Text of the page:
Family offices have been a cornerstone of Latin America’s wealth management practices for more than a century. Initially these personal asset managers were created to look after the wealth of ultra-high net-worth families, many of whom own or sold off large companies. Now they have become key innovative players in the wealth food chain.

Traditionally, many seek out local opportunities in real estate, with a member of the family designated as the lead money manager. But a new generation of more sophisticated kin dismiss the commodified offerings traditionally pushed by big banks and are seeking more tailored investment solutions. Many are hiring seasoned financial professionals to invest directly in venture capital and private equity, and to co-invest in projects with other wealthy families.

In Mexico, for example, Modelo beer heiress María Asunción Aramburuzabala has invested in consumer brands like Tory Burch, technology and even a German automaker through Tresalia Capital, the financial group where she acts as CEO. Forbes magazine calculates Aramburuzabala’s fortune at $5.6 billion, making her the sixth-richest person in Mexico.

West Lockhart, head of wealth for Latin America at BlackRock, describes family offices as “key influencers” and “transformational partners” in the wealth industry. “Their long-term investment horizon and the appetite for a variety of solutions puts them at the forefront of investor sophistication in the wealth ecosystem,” he says.

EY estimates more than 10,000 single family offices operate globally, at least half of which were set up in the last 15 years. Increasingly concentrated wealth held by very rich families is fueling this growth, EY says. And the plethora of large family businesses in emerging markets makes the family office concept a natural fit for Latin America.

The evolution of family offices reflects the changing goals and ambitions of their clients. “As assets grow, the complexity of managing those assets grows,” says Renato Grandmont, co-founder, managing partner and chief investment officer at Link Capital Advisors, a multi-family office that caters to global and Latin American families with $5 million to $1 billion-plus in assets.

“The question is: Who do you want working with you to deal with those issues?” asks Grandmont, who spent more than a decade as chief investment officer for Latin America at Citi Private Bank and then UBS Wealth Management prior to starting Link in 2018.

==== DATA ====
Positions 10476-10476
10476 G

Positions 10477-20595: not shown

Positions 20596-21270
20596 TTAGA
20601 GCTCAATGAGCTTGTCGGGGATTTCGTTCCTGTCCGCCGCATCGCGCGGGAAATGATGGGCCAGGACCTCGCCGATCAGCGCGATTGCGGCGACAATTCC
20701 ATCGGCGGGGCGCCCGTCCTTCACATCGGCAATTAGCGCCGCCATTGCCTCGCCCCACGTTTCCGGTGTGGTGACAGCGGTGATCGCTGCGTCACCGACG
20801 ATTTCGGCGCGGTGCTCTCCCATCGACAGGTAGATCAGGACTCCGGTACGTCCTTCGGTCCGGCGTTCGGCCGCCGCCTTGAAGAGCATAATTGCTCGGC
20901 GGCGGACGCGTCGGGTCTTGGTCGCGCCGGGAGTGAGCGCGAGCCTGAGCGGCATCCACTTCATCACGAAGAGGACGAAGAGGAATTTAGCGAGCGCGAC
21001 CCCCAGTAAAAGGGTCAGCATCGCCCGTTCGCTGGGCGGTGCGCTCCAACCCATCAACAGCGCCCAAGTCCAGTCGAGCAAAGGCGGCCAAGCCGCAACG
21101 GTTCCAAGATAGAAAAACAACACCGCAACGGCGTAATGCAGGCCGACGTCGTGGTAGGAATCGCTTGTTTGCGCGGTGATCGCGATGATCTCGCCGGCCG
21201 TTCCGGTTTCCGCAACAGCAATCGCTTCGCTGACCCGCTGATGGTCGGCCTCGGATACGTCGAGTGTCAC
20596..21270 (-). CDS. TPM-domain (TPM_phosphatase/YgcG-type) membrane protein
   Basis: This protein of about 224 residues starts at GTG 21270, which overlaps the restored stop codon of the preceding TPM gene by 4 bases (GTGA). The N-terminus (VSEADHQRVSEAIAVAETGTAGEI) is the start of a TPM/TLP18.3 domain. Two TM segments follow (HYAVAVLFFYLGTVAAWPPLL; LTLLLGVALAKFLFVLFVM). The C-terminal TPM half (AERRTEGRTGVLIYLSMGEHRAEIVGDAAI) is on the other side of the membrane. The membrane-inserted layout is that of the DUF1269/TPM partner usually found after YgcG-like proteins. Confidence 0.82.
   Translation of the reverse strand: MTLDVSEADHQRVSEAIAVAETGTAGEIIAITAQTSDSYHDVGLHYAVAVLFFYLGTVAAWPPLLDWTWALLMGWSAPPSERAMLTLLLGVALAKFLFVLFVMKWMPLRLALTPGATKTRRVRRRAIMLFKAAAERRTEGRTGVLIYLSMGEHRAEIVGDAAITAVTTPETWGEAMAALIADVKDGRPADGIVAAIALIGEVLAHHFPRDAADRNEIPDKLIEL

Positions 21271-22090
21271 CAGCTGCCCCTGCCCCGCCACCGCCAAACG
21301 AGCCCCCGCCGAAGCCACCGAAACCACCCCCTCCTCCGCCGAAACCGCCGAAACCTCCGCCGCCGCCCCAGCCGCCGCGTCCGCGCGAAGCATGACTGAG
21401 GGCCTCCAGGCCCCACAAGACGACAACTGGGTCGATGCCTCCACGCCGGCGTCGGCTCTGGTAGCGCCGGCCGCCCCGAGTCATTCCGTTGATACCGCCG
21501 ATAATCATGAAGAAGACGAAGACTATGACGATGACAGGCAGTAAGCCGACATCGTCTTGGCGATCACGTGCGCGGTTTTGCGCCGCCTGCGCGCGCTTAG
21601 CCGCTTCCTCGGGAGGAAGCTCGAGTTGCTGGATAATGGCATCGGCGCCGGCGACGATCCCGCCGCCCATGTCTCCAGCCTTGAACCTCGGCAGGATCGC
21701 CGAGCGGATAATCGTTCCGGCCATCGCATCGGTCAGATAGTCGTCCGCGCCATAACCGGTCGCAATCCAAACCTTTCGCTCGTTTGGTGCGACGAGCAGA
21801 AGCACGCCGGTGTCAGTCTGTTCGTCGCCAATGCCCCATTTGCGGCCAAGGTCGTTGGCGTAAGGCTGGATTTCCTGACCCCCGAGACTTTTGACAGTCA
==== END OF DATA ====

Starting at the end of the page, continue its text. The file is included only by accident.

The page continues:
What’s more, younger offspring are often more global than their ancestors. They study abroad and may marry people from other parts of the world. They may no longer reside in the country where their family’s wealth originated, and they might hold multiple passports. Members of the new generation are more investors than industrialists.

And they are often more concerned about the environmental and social impacts of their investments. “Family offices and high net worth individuals are the ones generating the strongest demand for sustainable forms of investments,” says BlackRock’s Lockhart.

While some family offices merely handle investments, others take on broader advisory roles such as managing succession planning and tax matters—even performing household chores like paying bills or purchasing big ticket items like airplanes. Some may intervene in intra-family quarrels, acting as trusted consultants and neutral parties, or lobby for a problematic or inept family member to take a more passive role in a family business. Advisors with more corporate experience will get involved in the family businesses, sitting on boards and making introductions for possible mergers and acquisitions. Most charge a fee equal to a percentage of assets under management.

With time, substantial family offices can morph into sizable financial groups. In Argentina, Quilvest began as a family office to oversee wealth of the Quilmes beer fortune. Today, it’s a full-fledged global investment manager with a team of nearly 400 professionals with 13 offices in 10 countries.

In Peru, the Romero family has set up an investment office akin to a hedge fund or private equity firm that seeks to create value through purchasing and selling companies. The bulk of the proceeds are reinvested in the family’s own food, industrial and other companies, after a 10% dividend is paid out to family members.

Founded by Calixto Romero Hernández in 1888, Grupo Romero originally exported straw hats. Today, the group consists of nearly a dozen companies, including consumer goods titan Alicorp, which sells processed foods like mayonnaise and laundry detergent in 23 countries, logistics firm Ransa, and Primax gasoline service stations. Annual sales top $3 billion, making it one of Peru’s biggest businesses.

A business group with such a long history contains multiple family lines. Some share a surname but behave like distant relations. Family members decide how to spend the dividends each receive—be it on a yacht or a business purchase—through a private banker or family office.

“I don’t know what they do with the dividends,” says Marco Peschiera, a Carlyle veteran who is CEO of the Grupo Romero Investment Office. He describes the office as a “private investment holding company,” with a style that’s more institutional than personal.

Peschiera works directly with the heads of each Romero company to develop investment strategies, such as five-year plans, and sits on the company boards. “When you go from having one company to 10 companies over several generations, an entity becomes an economic group,” he says. “It’s like managing a conglomerate.”